It is not often that ethnic Hmong Catholics in remote mountain villages in northwestern Vietnam have a priest who visits them for Mass. But recently, they were surprised not only to have two priests but also a bishop. Auxiliary Bishop Alfonse Nguyen Huu Long of Hung Hoa and two priests were there to celebrate Masses during the Easter season for ethnic Hmong Catholics in seven villages. At each village, in Phu Yen district of Son La province, they heard people's confession and baptized dozens. Participants sat or stood during services held at homes or in the open-air. The visiting clergy also gave out rosaries, medicine and loaves of bread. Children were given balloons and candy. The district is home to 1,000 ethnic Hmong Catholics, most of whom were relocated from neighboring provinces decades ago. They live in remote villages that lack electricity, good roads, schools and pharmacies.
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The recent pastoral visit was the third Bishop Long has paid to this area since August 2016. In his earlier visits, he was prevented by the authorities from performing Mass there. "Our first priority is to evangelize to ethnic minority groups, especially Hmong people who have not received any pastoral care from the church for decades," Bishop Long said. Hung Hoa Diocese covers nine provinces and is Vietnam's largest in terms of territories. It is home to over 30 ethnic minority groups but only Dao, Hmong, Muong, Tay and Thai people have Catholics among them. There are about 20,000 Hmong Catholics living in remote and mountainous areas of Vietnam. The prelate said foreign missionaries introduced Catholicism to the Hmong people in Sa Pa during the 1850s and established Sa Pa Parish in 1902. Hmong Catholics then moved to other places and founded more mission stations. Bishop Alfonse Nguyen Huu Long talks with Hmong women at Giang La Pan on Feb. 24. (Photo supplied)
Since Father Idiart Alhor Jean, the last foreign missionary in Sa Pa, was killed on May 18, 1948 by communists, Hmong Catholics had to flee subsequent fighting. They went to new locations where they had no churches and priests and practiced their faith independently, taught catechism and baptized one another until parishes were restored in 1995. Bishop Long, who regularly pays pastoral visits to Catholic communities in remote areas, said the diocese tries to support them by encouraging the government to recognize them, sending priests and nuns and building worship places and facilities. Bishop Long, who was ordained in 2013, said the government has recognized Catholic communities, including Hmong ones, in provinces that were considered to have no religion. "One mission station was recognized in 2015 in Lai Chau and one parish was established in 2016 in Dien Bien province," Bishop Long said adding that some 5,000 Catholics live in the two provinces. He said communities in Son La province, which is home to 6,000 Catholics, have not been approved yet. However, the bishop said, many unofficial communities in the three provinces hold services at people's houses and six priests have been sent to give pastoral care to them. Father Joseph Nguyen Trong Duong, head of Nghia Lo Deanery, said that due to Bishop Long's intercession with the government, religious freedom has improved in remote areas. "Six priests have been assigned to remote Hmong villages in the deanery for the past two years. We will send two other priests to them in the near future," he said. Father Duong, said he has visited Hmong communities in Mu Cang Chai District of Yen Bai Province after Bishop Long visited them for the first time in August 2016. The local government prevents local Catholics from working with priests, threatening to dismiss them from their jobs, withdraw farmland or cut off social welfare. Father Duong said priests build and repair churches, offer bells, Catholic statues and books to parishes and build roads connecting villages and churches. Bishop Alfonse Nguyen Huu Long hears confession from a woman at Lang Giang mission station in Lao Cai province March 16. (Photo courtesy of laocaichurch.org)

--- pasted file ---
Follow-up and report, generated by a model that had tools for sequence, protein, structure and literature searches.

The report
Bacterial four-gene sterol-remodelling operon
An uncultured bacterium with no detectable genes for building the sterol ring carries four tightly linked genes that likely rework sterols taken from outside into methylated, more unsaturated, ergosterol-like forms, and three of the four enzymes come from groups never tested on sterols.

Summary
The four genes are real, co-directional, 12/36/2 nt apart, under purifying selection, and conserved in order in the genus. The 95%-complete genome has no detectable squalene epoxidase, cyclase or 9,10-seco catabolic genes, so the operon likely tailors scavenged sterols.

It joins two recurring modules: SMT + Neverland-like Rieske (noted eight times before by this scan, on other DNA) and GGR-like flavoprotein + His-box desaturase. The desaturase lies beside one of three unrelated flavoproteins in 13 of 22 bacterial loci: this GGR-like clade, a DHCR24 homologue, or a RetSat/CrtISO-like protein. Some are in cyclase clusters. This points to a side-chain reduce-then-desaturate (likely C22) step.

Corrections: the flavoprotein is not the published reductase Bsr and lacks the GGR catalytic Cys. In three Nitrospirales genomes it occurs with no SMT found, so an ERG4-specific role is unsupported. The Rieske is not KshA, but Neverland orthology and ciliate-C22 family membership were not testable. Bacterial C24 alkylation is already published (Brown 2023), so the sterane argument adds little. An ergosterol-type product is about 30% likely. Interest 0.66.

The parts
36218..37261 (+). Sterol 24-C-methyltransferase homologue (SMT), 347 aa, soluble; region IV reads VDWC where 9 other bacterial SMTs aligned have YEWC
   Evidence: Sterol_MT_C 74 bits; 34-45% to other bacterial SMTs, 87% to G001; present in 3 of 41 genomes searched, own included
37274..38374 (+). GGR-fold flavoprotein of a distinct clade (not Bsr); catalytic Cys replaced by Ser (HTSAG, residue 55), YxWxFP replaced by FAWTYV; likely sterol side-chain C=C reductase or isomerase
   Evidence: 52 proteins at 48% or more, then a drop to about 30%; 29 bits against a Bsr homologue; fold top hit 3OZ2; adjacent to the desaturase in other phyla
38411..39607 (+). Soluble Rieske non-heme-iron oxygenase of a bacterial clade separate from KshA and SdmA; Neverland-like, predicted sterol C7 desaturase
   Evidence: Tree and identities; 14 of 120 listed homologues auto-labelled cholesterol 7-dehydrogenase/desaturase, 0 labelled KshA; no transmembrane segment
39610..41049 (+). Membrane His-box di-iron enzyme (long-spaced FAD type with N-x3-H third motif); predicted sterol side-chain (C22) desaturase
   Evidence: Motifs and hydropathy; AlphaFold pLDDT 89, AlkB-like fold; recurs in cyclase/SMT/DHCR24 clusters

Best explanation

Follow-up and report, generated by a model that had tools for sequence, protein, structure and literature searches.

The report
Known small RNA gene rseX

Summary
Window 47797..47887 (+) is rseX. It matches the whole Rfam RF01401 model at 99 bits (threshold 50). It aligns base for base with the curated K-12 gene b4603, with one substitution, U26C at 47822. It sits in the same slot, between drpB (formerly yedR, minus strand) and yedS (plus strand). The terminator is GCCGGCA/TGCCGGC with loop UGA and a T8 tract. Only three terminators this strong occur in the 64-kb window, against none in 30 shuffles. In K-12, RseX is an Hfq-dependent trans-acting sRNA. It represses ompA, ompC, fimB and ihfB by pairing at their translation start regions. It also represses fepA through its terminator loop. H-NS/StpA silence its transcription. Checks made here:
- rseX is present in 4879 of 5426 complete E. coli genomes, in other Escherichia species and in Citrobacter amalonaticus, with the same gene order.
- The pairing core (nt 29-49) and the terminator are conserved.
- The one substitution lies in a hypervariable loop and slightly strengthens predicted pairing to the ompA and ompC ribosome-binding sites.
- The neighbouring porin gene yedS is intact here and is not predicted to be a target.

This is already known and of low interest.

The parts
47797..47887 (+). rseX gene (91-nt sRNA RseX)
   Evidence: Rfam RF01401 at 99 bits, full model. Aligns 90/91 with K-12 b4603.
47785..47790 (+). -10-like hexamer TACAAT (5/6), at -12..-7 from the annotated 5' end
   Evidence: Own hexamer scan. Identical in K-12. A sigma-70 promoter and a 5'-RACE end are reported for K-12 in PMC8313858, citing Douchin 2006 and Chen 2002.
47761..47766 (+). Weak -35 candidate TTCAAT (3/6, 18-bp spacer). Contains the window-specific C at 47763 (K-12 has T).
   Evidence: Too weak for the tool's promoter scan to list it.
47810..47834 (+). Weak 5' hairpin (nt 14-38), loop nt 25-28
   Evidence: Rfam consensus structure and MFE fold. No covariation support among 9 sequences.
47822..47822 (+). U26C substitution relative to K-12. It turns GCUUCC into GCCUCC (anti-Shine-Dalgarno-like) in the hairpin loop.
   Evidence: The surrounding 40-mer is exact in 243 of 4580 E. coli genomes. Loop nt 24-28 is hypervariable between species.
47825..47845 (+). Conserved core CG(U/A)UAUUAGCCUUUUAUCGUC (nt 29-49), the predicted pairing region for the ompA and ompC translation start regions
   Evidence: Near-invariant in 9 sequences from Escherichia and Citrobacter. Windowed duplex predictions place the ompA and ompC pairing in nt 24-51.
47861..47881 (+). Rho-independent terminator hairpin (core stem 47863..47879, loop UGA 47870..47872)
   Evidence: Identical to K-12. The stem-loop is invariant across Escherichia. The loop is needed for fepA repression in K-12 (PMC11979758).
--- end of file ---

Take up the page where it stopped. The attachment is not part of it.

The diocese, with 116 parishes and 600 subparishes and mission stations, builds and repairs dozens of churches, chapels, parish houses and other facilities every year. Old facilities are in poor condition and many places have no churches. Father Joseph Vu Quoc Hoi, who has served in Giang La Pan Parish with its 2,200 Hmong Catholics since 2014, said he can celebrate liturgical services in Hmong language and integrate into village life. Father Hoi, the first parish priest, said most local people live in poverty, are illiterate and have 5-14 children each family. He tries to strengthen their faith, offer them basic education and teaches them to abandon unsound customs such as child marriage. Joseph Ho A Trang, a member of the parish council, said "We are very happy to have daily Masses at our church. Children are given faith education and couples have marriage courses. God loves us very much." Trang said in the past priests visited them on Christmas and Easter. However, for the rest of the year, couples had no wedding blessings and the dead had no funerals. During February visits to Hmong communities in Yen Bai provinces, Bishop Long encouraged them to gather at their homes to pray for evangelization work because "God loves us as much as others." He said solving the lack of priests is a problem for the diocese that has a mere 114 priests serving 240,000 Catholics. On average, one priest gives pastoral care to 2,000-3,000 people in one or two districts. "To meet urgent needs for priests, we have called on other dioceses to lend us their priests. So far only one priest has come to work in the diocese," he said.